A - Cat with rupture of the abdominal wall

B - Cat with inguinal hernia

C - Dog with umbilical hernia

B.

A lateral abdominal radiograph of an adult cat which was not urinating. Although bladder size is very variable, the bladder in this cat is abnormally distended. Note the disruption of the caudal part of the sacrum; sacro-coccygeal injuries can be associated with neurological deficits affecting urination.

2/10

What's your diagnosis? Click on your answer of choice.

A - Cat with abdominal effusion

B - Cat with urinary retention due to spinal nerve lesions

C - Cat with urinary obstruction due to uroliths

C.

A lateral abdominal radiograph of an adult cat with ample intra-abdominal fat. The superimposed right and left kidneys are clearly outlined in the mid dorsal abdomen.

1/10

What's your diagnosis? Click on your answer of choice.

A - Dog with abdominal effusion

B - Cat with abdominal effusion

C - Cat with abdominal fat

Author

Frances Barr

BSAVA, Woodrow House

Telford Way

Waterwells Business Park

Quedgeley

Gloucester GL2 2AB

United Kingdom

E-mail: f.barr@bsava.com

Frances Barr graduated from Cambridge in 1979, and worked for four years in mixed practice in Kent. She obtained her RCVS Certificate in Veterinary Radiology while working in practice. Frances then moved to the University of Bristol, first as a veterinary surgeon at Bristol Zoo, then as lead clinician in the University’s first opinion small animal practice, before concentrating on diagnostic imaging. She has spent most of her professional career as a clinician and teacher in the field of diagnostic imaging, working with both first opinion and referred patients. She was a foundation diplomate of the European College of Veterinary Diagnostic Imaging, and also holds the RCVS Diploma in Veterinary Radiology. In 2010, Frances moved to take up the position of Academic Director with BSAVA, with the remit of developing the BSAVA postgraduate certificate programmes in small animal medicine and in small animal surgery.

Source: BSAVA Manual of Canine and Feline Ultrasonography ©BSAVA.

The left kidney of an adult Jack Russell Terrier is shown in this clip. The kidney is a smooth oval shape. The echogenic focus in the central part of the kidney represents fat within the renal pelvis. There is good distinction between the renal cortex and medulla (Courtesy of F. Barr).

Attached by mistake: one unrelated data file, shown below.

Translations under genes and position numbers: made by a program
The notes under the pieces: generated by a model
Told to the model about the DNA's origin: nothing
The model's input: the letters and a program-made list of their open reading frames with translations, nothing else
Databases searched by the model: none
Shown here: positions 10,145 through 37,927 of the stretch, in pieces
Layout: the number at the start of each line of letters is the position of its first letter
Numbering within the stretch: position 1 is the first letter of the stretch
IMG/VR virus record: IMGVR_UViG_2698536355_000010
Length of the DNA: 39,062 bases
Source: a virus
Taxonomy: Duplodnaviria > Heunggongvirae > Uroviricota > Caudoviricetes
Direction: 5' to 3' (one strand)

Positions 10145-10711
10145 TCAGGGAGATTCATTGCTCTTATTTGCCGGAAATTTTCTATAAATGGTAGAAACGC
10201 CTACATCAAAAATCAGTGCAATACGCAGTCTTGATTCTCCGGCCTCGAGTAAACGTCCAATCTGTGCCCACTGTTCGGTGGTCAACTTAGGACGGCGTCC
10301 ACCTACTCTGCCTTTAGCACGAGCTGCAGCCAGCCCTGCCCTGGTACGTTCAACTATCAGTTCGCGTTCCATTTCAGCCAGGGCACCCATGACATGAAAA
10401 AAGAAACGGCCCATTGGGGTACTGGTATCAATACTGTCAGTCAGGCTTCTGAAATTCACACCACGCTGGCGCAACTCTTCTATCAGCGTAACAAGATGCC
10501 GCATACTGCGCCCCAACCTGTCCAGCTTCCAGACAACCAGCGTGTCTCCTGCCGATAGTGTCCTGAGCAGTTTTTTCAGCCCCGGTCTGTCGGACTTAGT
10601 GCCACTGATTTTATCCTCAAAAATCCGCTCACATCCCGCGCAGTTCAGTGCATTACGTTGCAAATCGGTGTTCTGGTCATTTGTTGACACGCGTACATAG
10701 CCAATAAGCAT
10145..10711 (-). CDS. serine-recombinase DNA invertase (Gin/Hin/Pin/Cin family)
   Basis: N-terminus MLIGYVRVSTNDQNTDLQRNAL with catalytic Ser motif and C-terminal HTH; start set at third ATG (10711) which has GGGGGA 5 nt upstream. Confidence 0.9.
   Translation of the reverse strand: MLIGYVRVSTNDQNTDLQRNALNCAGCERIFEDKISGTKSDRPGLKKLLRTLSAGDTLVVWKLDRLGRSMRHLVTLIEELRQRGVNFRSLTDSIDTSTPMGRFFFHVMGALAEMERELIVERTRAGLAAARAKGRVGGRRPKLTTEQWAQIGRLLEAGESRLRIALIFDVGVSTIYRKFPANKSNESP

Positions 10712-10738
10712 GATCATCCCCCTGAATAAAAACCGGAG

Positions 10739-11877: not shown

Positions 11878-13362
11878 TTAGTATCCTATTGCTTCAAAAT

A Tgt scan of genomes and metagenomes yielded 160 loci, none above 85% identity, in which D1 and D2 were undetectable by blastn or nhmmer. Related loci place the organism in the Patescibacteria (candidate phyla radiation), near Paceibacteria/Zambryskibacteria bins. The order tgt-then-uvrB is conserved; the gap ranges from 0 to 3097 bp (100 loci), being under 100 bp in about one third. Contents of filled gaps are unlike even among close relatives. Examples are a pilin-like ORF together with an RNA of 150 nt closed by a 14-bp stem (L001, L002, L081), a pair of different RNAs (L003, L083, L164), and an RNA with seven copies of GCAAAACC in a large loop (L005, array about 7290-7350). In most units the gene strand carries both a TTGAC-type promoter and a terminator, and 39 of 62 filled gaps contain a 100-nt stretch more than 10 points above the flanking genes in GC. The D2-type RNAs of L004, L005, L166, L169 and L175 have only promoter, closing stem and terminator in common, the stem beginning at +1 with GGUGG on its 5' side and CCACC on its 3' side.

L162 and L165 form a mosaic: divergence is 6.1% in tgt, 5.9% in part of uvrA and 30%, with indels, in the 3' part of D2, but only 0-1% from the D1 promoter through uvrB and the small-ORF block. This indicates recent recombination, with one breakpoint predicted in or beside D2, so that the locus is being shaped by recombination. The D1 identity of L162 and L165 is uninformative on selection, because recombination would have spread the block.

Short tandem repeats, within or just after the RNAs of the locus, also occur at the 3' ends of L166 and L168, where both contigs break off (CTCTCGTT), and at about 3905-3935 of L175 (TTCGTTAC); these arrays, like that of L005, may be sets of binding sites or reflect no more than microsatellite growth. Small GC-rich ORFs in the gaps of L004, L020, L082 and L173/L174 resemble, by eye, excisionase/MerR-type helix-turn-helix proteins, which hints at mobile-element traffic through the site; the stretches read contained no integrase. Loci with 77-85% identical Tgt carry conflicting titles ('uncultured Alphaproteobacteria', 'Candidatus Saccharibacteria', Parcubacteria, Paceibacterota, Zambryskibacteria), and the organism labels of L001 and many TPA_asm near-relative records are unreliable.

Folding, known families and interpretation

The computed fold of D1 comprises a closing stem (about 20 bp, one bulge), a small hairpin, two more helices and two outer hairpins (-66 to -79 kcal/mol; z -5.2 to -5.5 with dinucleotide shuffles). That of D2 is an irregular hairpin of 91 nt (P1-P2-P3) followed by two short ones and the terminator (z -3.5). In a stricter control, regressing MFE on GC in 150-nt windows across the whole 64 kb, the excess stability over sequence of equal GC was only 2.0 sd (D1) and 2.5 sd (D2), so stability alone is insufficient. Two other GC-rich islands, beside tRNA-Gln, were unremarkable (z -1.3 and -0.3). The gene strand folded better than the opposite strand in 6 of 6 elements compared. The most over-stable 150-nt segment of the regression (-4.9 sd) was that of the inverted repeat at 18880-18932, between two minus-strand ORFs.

by Frances Barr

Click to read more about this author

Look at these radiographs and click on the answer to see if you’ve got it right!

What’s your diagnosis?

Imaging the bladder

Check out this video on ultrasound examination of the bladder, with Kimberly Palgrave (BCF Technology).

Click on the image to watch the video by BCF Technology.

The video was kindly provided by

BCF Technology

Source: BSAVA Manual of Canine and Feline Ultrasonography ©BSAVA.

Normal kidney in a dog

The left kidney of an adult Jack Russell Terrier is shown in this clip. The kidney is a smooth oval shape. The echogenic focus in the central part of the kidney represents fat within the renal pelvis. There is good distinction between the renal cortex and medulla (Courtesy of F. Barr).

Back to content page

Volume 22(4), December 2012 SPECIAL ISSUE

Looking at the urinary tract

Commissioned paper

Imaging of the Urinary Tract

Disorders of the urinary tract are commonly seen in small animal practice. While taking a full clinical history and performing a thorough physical examination can allow the veterinary surgeon to narrow down the possible differential diagnoses, diagnostic imaging and laboratory testing often provide valuable supplementary information. With ever sophisticated imaging modalities available, it’s important to appreciate the roles which conventional radiography and simple ultrasound can, and should, play in the evaluation and treatment of patients with urinary tract disease.